The neurocognitive changes that occur during recovery from exercise are not well understood. However, they are important for understanding and optimizing perceptual-motor adaptations to training and injury rehabilitation (e.g., concussion). This subsection discusses a less commonly used method for assessing the central nervous system (CNS)—direct current (DC) potential.
Recording DC potential can provide an alternative to traditional neuroimaging methods for measuring changes in excitation of the brain during periods of recovery between training and competition. DC potential originating from the brain can be measured both intracranially and non-invasively, relative to a distant part of the body (e.g., base of the thumb). However, because it has a very low frequency (0–0.5 Hz), DC potential is typically filtered out during data processing to remove movement artifacts. DC potential has been recorded and studied since the mid-20th century (Aladzhalova, 1964; Caspers et al., 1980; Ilyukhina, 1982; Ilyukhina et al., 1982; Altenmüller, 1989; Pleydell-Pearce, 1994), but much of the research has not been easily accessible because it was conducted in the former Soviet Union and has not been translated.
In principle, values for DC potential reflect the “readiness” or adaptability of the CNS to respond to cognitive and/or physical loads (Ilyukhina et al., 1982; Ilyukhina, 2013; Heishman et al., 2018). One study used DC potential as an index of CNS readiness, and combined this with measurements of heart rate variability as an index of overall readiness in 10 elite male basketball players. Higher CNS and overall readiness were associated with better countermovement jump height and power (Heishman et al., 2018). The results of this study provide support for using DC potential on its own—and in combination with heart rate variability—as a relatively simple method to monitor changes in performance capacity in athletes.
Portable Neurophysiological Systems for Sports Research
EEG and fNIRS are the most commonly used and non-invasive methods to record brain electrical and metabolic activities during outdoor walking (De Vos et al., 2014) and cycling (Piper et al., 2014), and treadmill walking and running (Gramann et al., 2010; Gwin et al., 2010; Roeder et al., 2018). Commercially available high-density EEG (e.g., Twente Medical Systems International B. V. and Brain Products GmbH) and fNIRS systems (e.g., NIRx Medical Technologies and Artinis Medical Systems) have made multi-modal measurements possible during everyday human behavior in the field (Perrey and Besson, 2018). However, the use of these systems in most sports training and competition is still uncommon due to their inherent limitations. Factors affecting signal quality such as movement artifacts and sweating (among other methodological concerns) have been discussed in detail in several articles (Pontifex and Hillman, 2008; Gramann et al., 2014; Reis et al., 2014).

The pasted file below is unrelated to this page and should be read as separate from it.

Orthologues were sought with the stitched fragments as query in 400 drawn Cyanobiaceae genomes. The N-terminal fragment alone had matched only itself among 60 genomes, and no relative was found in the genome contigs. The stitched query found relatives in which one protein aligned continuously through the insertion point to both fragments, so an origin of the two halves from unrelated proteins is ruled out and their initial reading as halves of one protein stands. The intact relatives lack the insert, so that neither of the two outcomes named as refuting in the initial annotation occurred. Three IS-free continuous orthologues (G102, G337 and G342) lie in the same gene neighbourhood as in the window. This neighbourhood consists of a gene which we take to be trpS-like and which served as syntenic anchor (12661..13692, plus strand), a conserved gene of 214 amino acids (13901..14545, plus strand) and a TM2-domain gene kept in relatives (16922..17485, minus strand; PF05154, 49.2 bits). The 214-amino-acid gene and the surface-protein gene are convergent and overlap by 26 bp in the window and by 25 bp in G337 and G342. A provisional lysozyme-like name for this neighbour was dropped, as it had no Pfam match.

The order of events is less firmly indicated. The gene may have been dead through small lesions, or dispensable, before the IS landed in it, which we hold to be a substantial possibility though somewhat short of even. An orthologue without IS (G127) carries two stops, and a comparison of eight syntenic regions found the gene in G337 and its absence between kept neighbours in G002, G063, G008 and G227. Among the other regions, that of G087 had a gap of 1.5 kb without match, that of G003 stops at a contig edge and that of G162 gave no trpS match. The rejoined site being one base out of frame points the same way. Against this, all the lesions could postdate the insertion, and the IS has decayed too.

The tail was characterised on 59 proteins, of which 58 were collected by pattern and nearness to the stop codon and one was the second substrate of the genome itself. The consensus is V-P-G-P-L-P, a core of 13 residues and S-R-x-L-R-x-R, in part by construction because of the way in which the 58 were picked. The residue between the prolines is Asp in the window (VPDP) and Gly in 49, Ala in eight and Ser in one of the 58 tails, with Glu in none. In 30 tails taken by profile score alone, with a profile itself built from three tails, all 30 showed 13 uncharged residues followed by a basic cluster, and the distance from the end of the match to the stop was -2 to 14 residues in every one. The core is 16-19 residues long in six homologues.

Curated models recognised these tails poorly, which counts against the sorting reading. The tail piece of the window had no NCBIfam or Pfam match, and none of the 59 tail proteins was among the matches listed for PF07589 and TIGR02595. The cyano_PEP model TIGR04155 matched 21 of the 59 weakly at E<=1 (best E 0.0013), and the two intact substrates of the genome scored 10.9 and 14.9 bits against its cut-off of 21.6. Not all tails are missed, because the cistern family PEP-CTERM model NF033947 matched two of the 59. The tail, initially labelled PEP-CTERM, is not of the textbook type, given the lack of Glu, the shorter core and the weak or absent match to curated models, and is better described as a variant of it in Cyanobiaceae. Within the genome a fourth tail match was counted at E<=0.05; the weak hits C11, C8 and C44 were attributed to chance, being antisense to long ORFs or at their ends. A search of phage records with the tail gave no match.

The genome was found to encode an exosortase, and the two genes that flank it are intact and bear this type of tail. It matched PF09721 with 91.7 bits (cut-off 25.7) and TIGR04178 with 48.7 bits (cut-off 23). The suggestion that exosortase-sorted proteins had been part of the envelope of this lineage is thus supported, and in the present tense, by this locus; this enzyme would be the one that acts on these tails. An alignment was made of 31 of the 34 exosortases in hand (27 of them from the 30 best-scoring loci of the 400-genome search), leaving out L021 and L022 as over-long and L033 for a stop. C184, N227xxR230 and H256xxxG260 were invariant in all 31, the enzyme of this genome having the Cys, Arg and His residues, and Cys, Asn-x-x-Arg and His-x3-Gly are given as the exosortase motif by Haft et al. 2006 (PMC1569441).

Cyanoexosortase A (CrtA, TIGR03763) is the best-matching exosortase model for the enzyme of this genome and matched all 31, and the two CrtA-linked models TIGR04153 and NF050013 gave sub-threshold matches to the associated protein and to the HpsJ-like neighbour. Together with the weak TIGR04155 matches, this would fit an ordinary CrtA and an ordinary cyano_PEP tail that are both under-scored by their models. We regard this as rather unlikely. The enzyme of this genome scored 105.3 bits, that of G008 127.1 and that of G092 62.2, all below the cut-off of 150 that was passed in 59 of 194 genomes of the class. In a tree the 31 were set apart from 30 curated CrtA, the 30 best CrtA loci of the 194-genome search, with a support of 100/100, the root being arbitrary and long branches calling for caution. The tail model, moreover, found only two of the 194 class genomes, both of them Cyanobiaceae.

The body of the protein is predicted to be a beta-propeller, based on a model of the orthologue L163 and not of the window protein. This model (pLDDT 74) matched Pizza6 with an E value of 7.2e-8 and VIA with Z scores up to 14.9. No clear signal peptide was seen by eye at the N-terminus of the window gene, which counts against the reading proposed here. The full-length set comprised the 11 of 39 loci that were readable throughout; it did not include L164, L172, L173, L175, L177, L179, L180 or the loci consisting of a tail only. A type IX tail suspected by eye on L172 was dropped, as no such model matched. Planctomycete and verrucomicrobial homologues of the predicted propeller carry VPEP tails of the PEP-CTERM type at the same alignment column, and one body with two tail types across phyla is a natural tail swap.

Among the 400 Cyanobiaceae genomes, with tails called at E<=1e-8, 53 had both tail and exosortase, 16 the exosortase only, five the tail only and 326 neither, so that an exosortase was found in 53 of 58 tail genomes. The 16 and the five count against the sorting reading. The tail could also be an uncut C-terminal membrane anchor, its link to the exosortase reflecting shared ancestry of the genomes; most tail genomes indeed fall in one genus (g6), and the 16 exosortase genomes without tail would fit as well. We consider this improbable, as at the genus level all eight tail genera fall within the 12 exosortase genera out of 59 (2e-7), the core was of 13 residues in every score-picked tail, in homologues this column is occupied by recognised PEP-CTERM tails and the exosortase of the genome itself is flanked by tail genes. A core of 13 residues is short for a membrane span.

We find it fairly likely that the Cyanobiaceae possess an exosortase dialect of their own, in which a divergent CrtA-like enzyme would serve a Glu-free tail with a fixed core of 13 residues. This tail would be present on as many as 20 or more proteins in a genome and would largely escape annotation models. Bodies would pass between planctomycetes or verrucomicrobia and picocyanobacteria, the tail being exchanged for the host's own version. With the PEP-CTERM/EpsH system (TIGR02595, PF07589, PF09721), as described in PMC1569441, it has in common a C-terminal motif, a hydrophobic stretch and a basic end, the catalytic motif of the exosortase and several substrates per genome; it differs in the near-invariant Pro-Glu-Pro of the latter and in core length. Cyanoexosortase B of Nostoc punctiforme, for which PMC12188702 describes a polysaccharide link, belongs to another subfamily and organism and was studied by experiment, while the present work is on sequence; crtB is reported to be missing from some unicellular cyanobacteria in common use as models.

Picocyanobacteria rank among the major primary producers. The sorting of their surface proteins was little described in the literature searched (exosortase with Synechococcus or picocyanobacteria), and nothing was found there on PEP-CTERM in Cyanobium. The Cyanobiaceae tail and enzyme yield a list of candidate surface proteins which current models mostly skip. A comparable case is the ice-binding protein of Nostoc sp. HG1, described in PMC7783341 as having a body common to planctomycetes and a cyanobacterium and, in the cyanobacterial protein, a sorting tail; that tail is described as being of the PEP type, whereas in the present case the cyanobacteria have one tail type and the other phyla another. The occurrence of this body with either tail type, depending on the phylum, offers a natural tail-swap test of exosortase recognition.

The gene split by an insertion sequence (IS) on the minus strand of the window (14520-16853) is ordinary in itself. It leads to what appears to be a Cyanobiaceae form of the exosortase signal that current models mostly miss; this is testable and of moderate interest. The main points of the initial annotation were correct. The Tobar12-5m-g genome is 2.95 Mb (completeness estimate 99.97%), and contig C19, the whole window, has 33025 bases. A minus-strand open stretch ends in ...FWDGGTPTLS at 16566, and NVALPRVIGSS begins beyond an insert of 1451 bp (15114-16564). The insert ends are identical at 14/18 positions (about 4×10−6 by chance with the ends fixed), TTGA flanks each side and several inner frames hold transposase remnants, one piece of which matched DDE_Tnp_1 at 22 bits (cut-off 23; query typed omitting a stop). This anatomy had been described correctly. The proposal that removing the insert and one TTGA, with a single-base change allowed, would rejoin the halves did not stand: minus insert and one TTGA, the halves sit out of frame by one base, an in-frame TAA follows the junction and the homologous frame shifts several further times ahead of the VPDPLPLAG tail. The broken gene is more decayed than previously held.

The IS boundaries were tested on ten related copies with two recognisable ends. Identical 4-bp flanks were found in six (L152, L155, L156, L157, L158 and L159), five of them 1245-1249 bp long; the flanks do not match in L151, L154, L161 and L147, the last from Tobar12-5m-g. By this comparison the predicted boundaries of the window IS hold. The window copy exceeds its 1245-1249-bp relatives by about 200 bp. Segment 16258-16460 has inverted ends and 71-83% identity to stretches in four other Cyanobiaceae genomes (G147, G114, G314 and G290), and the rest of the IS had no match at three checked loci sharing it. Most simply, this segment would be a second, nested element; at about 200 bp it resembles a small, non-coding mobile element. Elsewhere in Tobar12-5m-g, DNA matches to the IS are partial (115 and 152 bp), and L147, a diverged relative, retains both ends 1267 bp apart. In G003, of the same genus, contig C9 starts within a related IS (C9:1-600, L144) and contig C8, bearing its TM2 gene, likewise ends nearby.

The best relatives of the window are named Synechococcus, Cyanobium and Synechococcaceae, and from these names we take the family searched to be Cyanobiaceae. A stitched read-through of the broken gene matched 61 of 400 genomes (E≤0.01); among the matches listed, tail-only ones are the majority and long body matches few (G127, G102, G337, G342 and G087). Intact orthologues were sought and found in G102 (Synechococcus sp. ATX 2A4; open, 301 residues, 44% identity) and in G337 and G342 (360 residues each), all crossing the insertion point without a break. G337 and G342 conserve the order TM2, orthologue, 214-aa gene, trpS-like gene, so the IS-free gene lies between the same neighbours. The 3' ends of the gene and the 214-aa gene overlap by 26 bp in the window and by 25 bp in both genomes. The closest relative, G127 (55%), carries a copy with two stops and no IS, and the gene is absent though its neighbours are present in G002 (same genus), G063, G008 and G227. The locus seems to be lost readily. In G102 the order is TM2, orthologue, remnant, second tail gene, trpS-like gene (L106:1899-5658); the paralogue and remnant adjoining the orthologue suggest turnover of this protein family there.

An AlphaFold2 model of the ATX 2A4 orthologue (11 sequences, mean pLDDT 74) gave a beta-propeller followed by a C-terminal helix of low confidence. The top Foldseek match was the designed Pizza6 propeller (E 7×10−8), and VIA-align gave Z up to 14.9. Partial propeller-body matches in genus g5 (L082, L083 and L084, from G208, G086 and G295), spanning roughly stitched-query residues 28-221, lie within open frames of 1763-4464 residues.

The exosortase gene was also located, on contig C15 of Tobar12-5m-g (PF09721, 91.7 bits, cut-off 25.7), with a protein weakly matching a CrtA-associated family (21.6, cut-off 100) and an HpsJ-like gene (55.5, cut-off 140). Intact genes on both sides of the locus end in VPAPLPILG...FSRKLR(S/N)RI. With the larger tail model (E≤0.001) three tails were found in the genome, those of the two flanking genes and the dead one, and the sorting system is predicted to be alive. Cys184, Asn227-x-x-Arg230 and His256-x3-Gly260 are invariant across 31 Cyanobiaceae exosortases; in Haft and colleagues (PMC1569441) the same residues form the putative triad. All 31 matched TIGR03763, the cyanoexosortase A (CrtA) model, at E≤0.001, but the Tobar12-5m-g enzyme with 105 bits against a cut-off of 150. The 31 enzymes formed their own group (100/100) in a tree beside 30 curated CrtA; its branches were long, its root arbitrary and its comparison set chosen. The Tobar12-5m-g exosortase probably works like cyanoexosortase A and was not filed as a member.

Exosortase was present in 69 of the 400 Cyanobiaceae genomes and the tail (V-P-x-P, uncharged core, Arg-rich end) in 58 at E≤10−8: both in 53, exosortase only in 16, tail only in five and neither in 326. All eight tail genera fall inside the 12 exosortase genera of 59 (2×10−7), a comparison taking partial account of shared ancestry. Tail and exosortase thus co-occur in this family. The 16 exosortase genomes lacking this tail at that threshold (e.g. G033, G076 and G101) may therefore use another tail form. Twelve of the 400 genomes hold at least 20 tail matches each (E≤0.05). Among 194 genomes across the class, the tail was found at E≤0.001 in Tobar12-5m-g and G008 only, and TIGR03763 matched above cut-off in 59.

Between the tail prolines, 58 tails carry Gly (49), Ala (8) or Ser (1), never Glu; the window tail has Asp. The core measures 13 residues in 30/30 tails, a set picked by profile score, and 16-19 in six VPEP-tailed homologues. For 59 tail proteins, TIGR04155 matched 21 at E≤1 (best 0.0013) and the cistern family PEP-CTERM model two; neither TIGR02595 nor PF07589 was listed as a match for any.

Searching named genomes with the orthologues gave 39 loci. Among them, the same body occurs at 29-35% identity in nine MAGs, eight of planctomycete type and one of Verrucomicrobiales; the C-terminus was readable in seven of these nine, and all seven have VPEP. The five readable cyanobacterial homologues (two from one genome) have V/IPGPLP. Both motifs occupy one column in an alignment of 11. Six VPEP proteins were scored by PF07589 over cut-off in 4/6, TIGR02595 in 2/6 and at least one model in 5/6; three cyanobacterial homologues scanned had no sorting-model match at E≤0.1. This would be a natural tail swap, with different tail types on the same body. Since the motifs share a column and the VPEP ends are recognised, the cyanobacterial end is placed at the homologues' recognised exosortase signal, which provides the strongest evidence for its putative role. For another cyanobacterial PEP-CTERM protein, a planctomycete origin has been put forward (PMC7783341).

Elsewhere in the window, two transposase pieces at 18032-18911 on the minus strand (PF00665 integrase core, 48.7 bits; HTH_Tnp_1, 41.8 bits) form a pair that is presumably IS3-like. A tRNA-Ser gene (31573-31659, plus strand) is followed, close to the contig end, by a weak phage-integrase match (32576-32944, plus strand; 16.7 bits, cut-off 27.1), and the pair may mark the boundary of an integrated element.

Recent fNIRS studies in non-athletes have found that hemodynamic responses in bilateral superior parietal lobes vary as a function of physical load during low- to moderate-intensity barbell squat (Kenville et al., 2017). Another study demonstrated that the shape and amplitude of the deoxyhemoglobin response curve for the motor cortex was not significantly different between indoor and outdoor cycling (albeit on a straight and level bike lane; Piper et al., 2014). In a case-study on table tennis, hemodynamic responses in motor and premotor cortices were different between predictable and unpredictable ball conditions (Balardin et al., 2017). These studies suggest that currently available portable fNIRS systems may offer some useful insights for field-based research in certain sports. Interested readers are referred to a recent publication by Ayaz and Dehais (2019) which provides dedicated methodology chapters on the use of EEG and fNIRS for neuroergonomics and other applications.
Future Research and Application
Traditional neuroimaging techniques are limited by insufficient spatial (e.g., EEG) and temporal (e.g., fMRI) resolutions. These technical issues have largely restricted previous sports-related investigations to laboratory-based research. Improvements in signal-to-noise ratio and the ability to dissociate EEG signals from potentials of non-brain sources (e.g., skin and muscles) using mobile brain and body imaging systems are necessary before these systems can be used to greater effect in sports settings. Other issues related to prolonged physical exertion (for example, DC drift due to changes in skin temperature and electrochemical properties, and fluctuations in subcutaneous blood flow at electrode sites) also need to be resolved (Pontifex and Hillman, 2008). Some methodological solutions for measuring brain and body dynamics in mobile humans, and relevant hardware and software advancements (e.g., wireless EEG systems, or active electrodes to reduce noise due to movement artifacts) have been discussed elsewhere (Reis et al., 2014). Examples of neuroimaging systems that are more suitable for sports research can also be found in a publication by Perrey and Besson (2018).